Minor Mistakes in Work

You missed the call, added the wrong date of the meeting in the calendar, sent the report too late. It seems this could happen to everyone. In fact, this is already the first alarm bell of burnout.

Decreased Interest

You are no longer mistaken, but only because you are not doing anything. You are playing a shooter game on the computer and you cannot switch to work. Reports are on fire and you are procrastinating.

Personal Burnout

You don’t want anything at all. The only thing you need is for everyone to leave you alone. If you want to be able to focus without being bombarded with constant communication, you can use an emergency text notification solution that will alert you if a crisis emerges, but you won’t be bothered otherwise.

Five Steps To “Rise From the Ashes”

It’s crucial to keep in mind that burnout is not a permanent condition. There are ways that lead out of this state. If you’re ready to follow these steps, your job can bring you satisfaction and joy again. 

1. Understand the Problem

Day after day, the first thing you do waking up is diving into your project’s chats, then you stay late at work, overtime and the last thing you do when going to bed at night is checking those numerous project chats. “I can stop any time,” you think so, but still continue. A first step to get rid of a problem is to accept it. There is always a way out, but to get on it, you need to realize you need it.

2. Get Some Rest

When noticing the first signs of a cold, we don’t feed ourselves antibiotics, but let the body fight the virus itself. Vacation or a day off acts like immunity and allows the body to naturally fight burnout.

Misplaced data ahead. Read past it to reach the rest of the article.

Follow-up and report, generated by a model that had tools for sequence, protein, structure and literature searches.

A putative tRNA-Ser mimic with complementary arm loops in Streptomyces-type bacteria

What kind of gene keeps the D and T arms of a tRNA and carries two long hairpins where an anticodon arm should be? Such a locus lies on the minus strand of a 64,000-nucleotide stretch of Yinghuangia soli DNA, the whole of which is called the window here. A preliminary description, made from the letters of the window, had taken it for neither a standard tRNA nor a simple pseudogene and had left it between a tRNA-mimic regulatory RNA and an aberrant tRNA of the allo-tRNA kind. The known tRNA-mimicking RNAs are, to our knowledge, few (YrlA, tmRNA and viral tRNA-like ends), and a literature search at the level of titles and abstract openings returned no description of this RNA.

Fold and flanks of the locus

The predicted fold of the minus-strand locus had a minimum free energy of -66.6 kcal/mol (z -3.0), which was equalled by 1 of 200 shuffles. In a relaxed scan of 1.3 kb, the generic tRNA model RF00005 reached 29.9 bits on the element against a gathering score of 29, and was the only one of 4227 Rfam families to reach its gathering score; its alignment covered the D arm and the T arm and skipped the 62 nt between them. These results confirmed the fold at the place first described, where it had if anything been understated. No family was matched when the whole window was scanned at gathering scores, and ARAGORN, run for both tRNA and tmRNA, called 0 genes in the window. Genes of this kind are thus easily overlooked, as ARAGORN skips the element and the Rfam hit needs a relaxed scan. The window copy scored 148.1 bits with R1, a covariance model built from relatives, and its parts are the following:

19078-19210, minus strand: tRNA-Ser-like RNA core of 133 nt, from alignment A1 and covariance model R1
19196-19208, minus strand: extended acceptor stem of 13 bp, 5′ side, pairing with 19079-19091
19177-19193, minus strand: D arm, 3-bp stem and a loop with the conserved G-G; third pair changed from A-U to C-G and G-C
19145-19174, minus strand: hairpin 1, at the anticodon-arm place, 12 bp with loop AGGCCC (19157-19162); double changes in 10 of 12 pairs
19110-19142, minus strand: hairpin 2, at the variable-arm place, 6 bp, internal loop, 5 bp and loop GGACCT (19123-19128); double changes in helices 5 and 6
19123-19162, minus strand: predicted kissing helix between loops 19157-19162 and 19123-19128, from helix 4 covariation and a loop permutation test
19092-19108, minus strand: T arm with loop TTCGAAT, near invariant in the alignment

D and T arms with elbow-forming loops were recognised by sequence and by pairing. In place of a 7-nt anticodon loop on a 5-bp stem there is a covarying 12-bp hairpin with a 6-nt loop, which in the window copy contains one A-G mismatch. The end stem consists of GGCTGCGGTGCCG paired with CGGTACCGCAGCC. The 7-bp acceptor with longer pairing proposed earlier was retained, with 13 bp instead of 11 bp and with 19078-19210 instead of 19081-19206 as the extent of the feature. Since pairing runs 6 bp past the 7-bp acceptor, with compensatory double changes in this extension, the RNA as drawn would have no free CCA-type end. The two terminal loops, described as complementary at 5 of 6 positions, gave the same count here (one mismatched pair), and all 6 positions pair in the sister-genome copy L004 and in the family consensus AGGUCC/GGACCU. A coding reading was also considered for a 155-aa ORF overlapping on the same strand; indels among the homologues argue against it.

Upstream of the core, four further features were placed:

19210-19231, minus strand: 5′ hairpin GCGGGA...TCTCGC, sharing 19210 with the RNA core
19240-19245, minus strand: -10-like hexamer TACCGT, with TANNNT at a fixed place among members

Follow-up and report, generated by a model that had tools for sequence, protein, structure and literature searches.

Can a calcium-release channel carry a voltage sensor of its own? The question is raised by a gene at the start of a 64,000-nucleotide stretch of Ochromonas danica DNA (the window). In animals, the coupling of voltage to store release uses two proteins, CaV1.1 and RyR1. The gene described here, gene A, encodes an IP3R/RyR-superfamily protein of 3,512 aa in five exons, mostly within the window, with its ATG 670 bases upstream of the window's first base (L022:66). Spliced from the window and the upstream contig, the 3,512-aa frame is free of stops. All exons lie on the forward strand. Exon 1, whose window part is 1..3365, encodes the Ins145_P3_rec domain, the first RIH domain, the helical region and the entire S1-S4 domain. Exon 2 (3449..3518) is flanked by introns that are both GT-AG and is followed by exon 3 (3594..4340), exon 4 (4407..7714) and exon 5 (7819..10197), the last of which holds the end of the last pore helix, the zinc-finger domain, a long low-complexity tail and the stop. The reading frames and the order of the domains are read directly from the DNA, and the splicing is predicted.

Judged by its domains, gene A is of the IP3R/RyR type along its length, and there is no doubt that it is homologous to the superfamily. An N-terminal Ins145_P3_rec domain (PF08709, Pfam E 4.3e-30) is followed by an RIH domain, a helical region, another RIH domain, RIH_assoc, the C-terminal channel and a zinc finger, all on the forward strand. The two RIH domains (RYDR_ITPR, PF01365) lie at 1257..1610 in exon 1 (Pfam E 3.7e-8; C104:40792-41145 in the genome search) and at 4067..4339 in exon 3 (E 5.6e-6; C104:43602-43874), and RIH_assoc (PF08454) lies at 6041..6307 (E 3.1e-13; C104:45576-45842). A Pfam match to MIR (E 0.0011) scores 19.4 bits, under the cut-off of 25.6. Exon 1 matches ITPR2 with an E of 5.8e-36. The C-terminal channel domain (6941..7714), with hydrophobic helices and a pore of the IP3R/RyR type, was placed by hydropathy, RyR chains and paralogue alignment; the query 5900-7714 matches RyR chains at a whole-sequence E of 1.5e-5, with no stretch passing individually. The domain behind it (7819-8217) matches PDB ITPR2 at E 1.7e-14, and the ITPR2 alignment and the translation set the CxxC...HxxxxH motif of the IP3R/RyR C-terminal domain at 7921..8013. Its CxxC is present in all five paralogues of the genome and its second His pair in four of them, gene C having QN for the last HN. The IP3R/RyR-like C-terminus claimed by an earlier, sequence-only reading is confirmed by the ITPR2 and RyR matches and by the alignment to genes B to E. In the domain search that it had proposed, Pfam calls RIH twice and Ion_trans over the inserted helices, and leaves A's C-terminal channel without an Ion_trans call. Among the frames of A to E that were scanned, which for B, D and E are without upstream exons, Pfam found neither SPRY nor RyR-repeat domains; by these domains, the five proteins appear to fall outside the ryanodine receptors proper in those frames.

We are bombarded with push notifications, messages, and stories on social networks, constant conferences, festivals, parties. Everything seems important. You must have heard of the fear of missing something, FOMO —  a syndrome of lost profit. People attach great importance to other people’s activities instead of focusing on themselves. Now psychologists promote the opposite phenomenon — JOMO (Joy of missing out). Do not be discouraged that you have no strength to go to the party and you want to stay at home. Rejoice – you heard your body! Say “thank you” to yourself, and the body will respond with a charge of vigor.

3. Find Non-Standard Aspects in Your Usual Work

If it is not possible to radically change your activity, bring something new to your current job. Attend professional workshops, take on new or unusual tasks, become a mentor for beginners.

I’ll fill you in on the experience of one of my tech leads. He worked on the project for a long time, knew every symbol in the code, studied the business logic of the product up and down. At some point, he got bored. Then he began to invent tasks for himself. Before starting work on a new feature, he made a bet with himself: “Testers will not find a single bug in it.” Later he volunteered to independently conduct demo sprint results for clients. Then he made a training plan for beginners so that the threshold for entering the project was minimal.

What’s the conclusion? It is worth expanding the horizon of attention a little, as the most routine work will sparkle with bright colors.

4. Discover New Talents

Occupied in office management? Try to switch to organizing events. Are you into coding? Try to take managerial responsibilities. Business benefits from happy employees. They work productively and set a good mood for the whole team. Giving a person new opportunities for career and personal growth is what will breathe life into him.